I can’t go back home and wait anymore. I ask Ross if he wants to go to the Red Onion for a burger. It’s a takeout place. I don’t want to see anyone. He convinces me to go to the bowling alley instead. They have better burgers. I’m afraid we’ll run into someone we know. I don’t want to pretend to be happy. He convinces me nobody will be there. Of course, everybody is there.

We order our burgers. Ross gets up to go to the bathroom and I’m sitting by myself when Patty calls. I pick up the phone and walk outside.

“They found him.”

……….

When Zoey and I returned to the repair shop after our walk, the technician showed me the steel tack they’d removed from my tire. It’s hard to believe such a tiny little thing could wreak such havoc.

“Do you want to save it?” the nice man asked me.

I told him no and took a picture instead. He tossed the tack into a large jar of other havoc-inducing items, then I paid my bill and was on my way again.

I decided to make one more stop before I left the luxury of this biggish town. After my horrible night’s sleep in the back of my Explorer, I wanted to see if I could find a self-inflating air mattress like the one I’d used on the JWRC Wilderness Trek  just five weeks earlier. It had worked like magic. I simply unrolled the mat, and it puffed itself up with no further effort on my part. I was amazed by the brilliance of this thing.

[Incidentally, I hadn’t thought to question the science or witchcraftery of this device at the time I was using it, but today as I sat here writing this blog post, I seriously wondered how this thing actually worked. If you’re curious, you can find out here: https://www.alpinetrek.co.uk/base-camp/self-inflating-sleeping-mats/ ]

I did some checking online and found a nearby Runnings store that carried self-inflating air mattresses. Although I couldn’t picture Ross and me tenting together in our near future (or ever), it seemed like a self-inflating air mattress was the sort of thing a person should purchase in pairs. So, I bought two.

By now, it was just after 10:00 AM and it was already nearing 80 degrees. It was going to be a hot one, and although I had parked in the shade and left all the windows open, Zoey was panting by the time I got back to the car. I let her out, gave her some water, and off we went again. Clearly, having a dog along on this road trip was starting to present some challenges I hadn’t anticipated. No worries though. I was anxious to get back on the road and make some tracks.

With my destination still set as “San Francisco – city center,” I followed my GPS and smiled when I noticed I was on “St. Joseph Street.” (St. Joseph was Jacob’s hometown.) A few minutes later, I missed a turn somehow and had to do a few cloverleafs to get back on the right path again. I’m not exactly sure where I was, but somewhere in that misguided loop, I saw something else that made me smile and wonder. On the back of a metal road sign, someone had spray painted a #11.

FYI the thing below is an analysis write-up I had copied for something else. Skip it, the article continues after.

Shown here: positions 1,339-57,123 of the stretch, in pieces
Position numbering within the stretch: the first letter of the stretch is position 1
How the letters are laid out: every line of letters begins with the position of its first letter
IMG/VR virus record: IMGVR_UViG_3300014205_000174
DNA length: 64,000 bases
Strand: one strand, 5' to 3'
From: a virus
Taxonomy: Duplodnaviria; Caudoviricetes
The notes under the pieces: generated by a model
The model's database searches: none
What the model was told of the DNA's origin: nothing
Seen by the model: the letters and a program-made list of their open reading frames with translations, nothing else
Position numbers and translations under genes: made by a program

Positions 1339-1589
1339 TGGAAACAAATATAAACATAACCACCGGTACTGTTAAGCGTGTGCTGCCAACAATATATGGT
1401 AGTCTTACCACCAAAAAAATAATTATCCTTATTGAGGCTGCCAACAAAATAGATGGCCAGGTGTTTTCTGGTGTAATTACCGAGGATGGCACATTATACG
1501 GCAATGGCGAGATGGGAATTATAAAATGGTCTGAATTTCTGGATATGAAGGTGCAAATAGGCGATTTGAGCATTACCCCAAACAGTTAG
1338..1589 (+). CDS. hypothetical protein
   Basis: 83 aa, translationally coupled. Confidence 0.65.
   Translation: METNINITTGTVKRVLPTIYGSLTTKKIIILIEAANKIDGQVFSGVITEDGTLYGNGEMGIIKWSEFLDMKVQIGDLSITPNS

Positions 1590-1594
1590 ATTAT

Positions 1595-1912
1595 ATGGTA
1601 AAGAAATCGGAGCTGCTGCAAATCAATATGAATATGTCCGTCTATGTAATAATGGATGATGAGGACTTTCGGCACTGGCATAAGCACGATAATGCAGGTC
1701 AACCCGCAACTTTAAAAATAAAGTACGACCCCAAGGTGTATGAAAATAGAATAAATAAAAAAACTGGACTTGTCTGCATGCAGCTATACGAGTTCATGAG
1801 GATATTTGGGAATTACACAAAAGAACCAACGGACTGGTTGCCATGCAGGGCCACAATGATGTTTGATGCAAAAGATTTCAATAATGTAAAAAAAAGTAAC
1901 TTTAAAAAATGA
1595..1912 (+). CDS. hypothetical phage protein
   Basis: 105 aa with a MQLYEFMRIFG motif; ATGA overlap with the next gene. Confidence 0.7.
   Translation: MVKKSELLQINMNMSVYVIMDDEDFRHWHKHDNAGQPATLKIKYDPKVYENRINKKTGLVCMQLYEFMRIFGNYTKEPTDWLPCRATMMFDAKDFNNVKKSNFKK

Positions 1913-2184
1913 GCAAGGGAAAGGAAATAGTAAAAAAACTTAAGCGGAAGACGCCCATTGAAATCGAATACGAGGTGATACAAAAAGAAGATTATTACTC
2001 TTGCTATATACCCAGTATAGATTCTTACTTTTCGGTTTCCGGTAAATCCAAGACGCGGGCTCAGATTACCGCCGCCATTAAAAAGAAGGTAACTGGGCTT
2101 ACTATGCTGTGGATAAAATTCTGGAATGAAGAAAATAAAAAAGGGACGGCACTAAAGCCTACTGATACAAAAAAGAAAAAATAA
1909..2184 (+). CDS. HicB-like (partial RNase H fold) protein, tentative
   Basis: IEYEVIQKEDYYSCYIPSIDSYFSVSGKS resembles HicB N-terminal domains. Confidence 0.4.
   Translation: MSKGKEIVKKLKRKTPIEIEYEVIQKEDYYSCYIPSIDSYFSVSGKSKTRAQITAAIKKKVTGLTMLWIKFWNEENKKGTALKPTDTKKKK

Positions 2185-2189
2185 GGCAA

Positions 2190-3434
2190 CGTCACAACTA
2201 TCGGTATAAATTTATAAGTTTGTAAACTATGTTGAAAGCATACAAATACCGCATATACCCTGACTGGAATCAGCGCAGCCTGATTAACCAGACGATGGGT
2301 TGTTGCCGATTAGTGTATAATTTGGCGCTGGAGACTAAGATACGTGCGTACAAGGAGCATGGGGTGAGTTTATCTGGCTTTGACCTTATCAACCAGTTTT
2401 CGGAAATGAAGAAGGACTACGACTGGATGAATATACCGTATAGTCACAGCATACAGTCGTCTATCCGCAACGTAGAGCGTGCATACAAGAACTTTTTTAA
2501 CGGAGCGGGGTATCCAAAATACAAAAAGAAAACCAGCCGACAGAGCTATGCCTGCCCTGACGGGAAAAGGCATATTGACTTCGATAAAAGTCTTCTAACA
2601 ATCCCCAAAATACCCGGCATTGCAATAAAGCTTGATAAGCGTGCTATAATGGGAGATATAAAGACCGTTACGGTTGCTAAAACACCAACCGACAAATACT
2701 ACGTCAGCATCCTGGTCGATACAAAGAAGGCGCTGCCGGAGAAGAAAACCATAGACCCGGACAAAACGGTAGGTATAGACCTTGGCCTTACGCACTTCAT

I thought about circling back and trying to take a picture, but I didn’t want to be delayed any further. Instead, I kept going and decided to just commit that one to memory.

I still wonder though. Did someone do that for Jacob? Had the #11forJacob movement spread all the way to Rapid City, South Dakota?

I wanted desperately to believe that it had.

Next time… a “missing” poster and a mountain sunrise…

Graphic courtesy of Jacob Wetterling Resource Center

 


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Finding the Ocean – Chapter 3

On September 1, 2017, I did something a little crazy. On a complete and utter whim, I took off on a 4,700 mile road trip to go find the ocean. Just me… and the dog.

Continue along on my healing and soul-inspiring journey below, or start from the beginning

 


I’ve enjoyed reading your comments and messages as I write and share this story. I’m a little surprised at how many people, women especially, don’t find this crazy at all. Maybe the super-spontaneous decision to just hit the road is a little wacky, but this idea of taking some time for yourself and “going off the grid” for a while is something that really seems to resonate with people.

So many women have shared with me how they’ve dreamed of doing this very same thing… just getting in the car and driving off somewhere. Or heading to the airport and getting on a plane to anywhere. So, why don’t we do this more often? What’s holding us back?

I worried about so many things before I actually did this. I didn’t want people to think I was having a nervous breakdown, or leaving my husband, or acting crazy, or being self-indulgent. It was none of those things. I just felt this overwhelming need to get out of Dodge and not think for a while. I wanted to see what was around the bend. No plans, no commitments, no schedules, no map.